The Chicagoist will be launching later but in the meantime please enjoy our archives.

Wait Wait to TV?

By Karl Klockars in Arts & Entertainment on Sep 9, 2008 6:30PM

waitwaitphone090908.jpgI was driving through central Michigan this weekend, when the Sunday afternoon host blurted out a rumor floating through the halls of NPR about a possible transition to television for Wait Wait, Don't Tell Me. Was this a slip? Was someone supposed to muzzle this unwitting sap before he spilled the beans? No matter what, we now know that the hit WBEZ show has arranged to film a pilot episode has been talking with CBS about maybe making it into a series.

Phil Rosenthal at the Trib reports that Wait Wait will indeed be taking a cue from fellow WBEZ show This American Life and putting together a visual version of the weekly news quiz. Does this mean that we'll be getting Carl Kasell's voice on our DVRs as well as our home answering machines? Peter Sagal's witty banter with Paula Poundstone and Adam Felber in full 2-D glory instead of just in the theater of the mind? Could be. Will the nation want to see what Roy Blount Jr. and Charlie Pierce actually look like? Perhaps.

Sagal does seem a touch hesitant about the whole process. From his blog:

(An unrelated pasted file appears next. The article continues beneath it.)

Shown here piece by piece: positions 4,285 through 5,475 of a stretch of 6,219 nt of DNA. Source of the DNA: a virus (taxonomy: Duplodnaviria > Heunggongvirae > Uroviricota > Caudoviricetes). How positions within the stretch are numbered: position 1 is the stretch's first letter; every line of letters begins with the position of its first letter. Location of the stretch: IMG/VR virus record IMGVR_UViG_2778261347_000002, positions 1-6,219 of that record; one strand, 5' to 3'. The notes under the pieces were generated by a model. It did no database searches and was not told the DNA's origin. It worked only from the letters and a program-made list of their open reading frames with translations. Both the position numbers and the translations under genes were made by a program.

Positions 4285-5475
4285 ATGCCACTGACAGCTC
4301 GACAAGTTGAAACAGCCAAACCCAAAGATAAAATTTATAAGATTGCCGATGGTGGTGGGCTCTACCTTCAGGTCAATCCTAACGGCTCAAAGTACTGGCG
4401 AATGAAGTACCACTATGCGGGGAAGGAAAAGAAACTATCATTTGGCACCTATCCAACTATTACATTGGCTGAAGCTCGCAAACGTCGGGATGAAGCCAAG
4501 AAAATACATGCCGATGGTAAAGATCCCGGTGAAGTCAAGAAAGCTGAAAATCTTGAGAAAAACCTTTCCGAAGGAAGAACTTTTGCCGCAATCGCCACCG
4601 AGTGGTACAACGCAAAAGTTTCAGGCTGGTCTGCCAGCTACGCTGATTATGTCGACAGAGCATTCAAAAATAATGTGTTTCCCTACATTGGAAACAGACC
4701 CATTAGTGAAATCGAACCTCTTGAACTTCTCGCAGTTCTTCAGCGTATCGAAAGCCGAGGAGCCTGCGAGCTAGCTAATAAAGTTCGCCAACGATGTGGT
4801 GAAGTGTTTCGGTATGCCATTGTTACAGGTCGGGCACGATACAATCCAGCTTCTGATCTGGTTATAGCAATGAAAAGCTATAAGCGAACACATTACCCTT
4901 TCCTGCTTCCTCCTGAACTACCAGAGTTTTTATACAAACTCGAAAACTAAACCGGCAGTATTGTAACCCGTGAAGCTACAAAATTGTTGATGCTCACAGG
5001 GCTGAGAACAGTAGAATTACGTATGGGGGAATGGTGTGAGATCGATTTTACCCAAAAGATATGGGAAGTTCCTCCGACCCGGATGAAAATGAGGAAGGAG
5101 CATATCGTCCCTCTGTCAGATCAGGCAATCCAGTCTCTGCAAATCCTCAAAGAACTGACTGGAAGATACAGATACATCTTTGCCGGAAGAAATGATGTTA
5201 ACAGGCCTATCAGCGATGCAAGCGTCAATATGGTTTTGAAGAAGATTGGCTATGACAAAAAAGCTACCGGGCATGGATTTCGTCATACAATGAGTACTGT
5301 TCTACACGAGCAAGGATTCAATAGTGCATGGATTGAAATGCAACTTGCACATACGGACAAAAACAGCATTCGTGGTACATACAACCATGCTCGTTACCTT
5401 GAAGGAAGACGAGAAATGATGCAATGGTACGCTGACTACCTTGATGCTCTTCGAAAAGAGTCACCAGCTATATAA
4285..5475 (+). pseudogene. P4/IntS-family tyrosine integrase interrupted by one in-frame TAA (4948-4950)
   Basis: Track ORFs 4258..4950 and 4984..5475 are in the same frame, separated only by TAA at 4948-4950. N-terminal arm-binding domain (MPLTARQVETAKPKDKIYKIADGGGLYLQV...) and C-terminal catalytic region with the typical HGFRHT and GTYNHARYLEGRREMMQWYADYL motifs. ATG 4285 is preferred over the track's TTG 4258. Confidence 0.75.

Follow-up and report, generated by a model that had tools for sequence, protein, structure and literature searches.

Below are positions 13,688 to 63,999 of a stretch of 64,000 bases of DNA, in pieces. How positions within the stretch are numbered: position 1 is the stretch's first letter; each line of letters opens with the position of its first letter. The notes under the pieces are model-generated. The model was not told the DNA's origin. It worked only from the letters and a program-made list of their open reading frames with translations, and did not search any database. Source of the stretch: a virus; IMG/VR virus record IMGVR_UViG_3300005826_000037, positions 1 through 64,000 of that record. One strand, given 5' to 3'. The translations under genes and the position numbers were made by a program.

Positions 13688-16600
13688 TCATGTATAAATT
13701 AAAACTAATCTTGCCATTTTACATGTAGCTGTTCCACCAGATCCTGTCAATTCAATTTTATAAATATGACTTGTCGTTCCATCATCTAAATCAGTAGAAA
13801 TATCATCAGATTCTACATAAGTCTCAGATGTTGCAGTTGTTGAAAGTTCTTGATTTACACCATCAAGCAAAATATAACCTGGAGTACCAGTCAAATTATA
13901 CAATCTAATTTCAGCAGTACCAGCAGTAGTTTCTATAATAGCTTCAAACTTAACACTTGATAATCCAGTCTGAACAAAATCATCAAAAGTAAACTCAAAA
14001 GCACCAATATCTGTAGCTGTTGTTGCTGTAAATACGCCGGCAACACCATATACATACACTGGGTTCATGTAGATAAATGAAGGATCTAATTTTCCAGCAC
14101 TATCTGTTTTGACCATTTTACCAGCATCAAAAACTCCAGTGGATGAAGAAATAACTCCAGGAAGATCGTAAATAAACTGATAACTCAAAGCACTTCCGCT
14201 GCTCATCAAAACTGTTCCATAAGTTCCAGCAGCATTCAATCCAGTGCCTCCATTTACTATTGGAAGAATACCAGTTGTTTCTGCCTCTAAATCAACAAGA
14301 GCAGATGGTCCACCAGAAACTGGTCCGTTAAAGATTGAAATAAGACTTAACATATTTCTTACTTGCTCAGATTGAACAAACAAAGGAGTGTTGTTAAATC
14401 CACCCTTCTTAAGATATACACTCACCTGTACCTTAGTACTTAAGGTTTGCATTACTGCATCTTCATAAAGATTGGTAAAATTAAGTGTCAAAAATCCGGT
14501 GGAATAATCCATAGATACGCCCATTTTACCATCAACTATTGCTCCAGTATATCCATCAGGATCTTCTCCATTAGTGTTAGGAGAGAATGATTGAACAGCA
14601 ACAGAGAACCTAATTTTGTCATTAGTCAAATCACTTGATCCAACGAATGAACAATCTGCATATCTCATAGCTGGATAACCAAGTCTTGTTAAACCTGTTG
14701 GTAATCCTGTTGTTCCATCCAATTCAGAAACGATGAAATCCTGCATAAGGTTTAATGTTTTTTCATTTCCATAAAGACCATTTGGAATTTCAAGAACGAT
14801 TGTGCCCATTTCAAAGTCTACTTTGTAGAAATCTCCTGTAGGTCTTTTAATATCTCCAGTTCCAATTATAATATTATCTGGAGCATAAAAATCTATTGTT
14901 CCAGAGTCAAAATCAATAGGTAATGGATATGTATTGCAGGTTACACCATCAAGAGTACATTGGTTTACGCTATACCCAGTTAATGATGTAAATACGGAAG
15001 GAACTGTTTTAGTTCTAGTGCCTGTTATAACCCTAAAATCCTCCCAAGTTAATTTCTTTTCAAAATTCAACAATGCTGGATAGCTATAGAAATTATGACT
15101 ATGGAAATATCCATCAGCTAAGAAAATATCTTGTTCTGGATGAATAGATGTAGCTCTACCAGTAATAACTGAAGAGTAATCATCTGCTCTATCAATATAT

From the very beginning, and from the very top, all we’ve heard is that CBS loves our radio show, and wants us to keep it just the same as it’s been. Which is actually proving a little difficult, as we work through the plans… ya know, because TV, it’s a different medium. However: if and when it ever airs (and remember, most pilots never air) you will see (and hear, because most TVs have a sound feature now) myself, and Carl Kasell, and members of our panel, and silly games, and bad jokes, and my girlish giggle.

No matter what it looks like, it's certain that any network would be happy to tap into the millions of weekly listeners across the country as an instant fan base. Not to mention being able to get their hands on that pile of advertiser cash dying to reach that sweet, sweet, public radio demographic. As admitted fans of the show, we'd love to see it reach a broader audience. However, if you want to see how it's produced right now, hie thee to the Chase Auditorium before the cast gets huge The Hills-size egos and won't be seen on the same dais together. Can't wait for the Roxanne Roberts/Kyrie O'Connor catfight.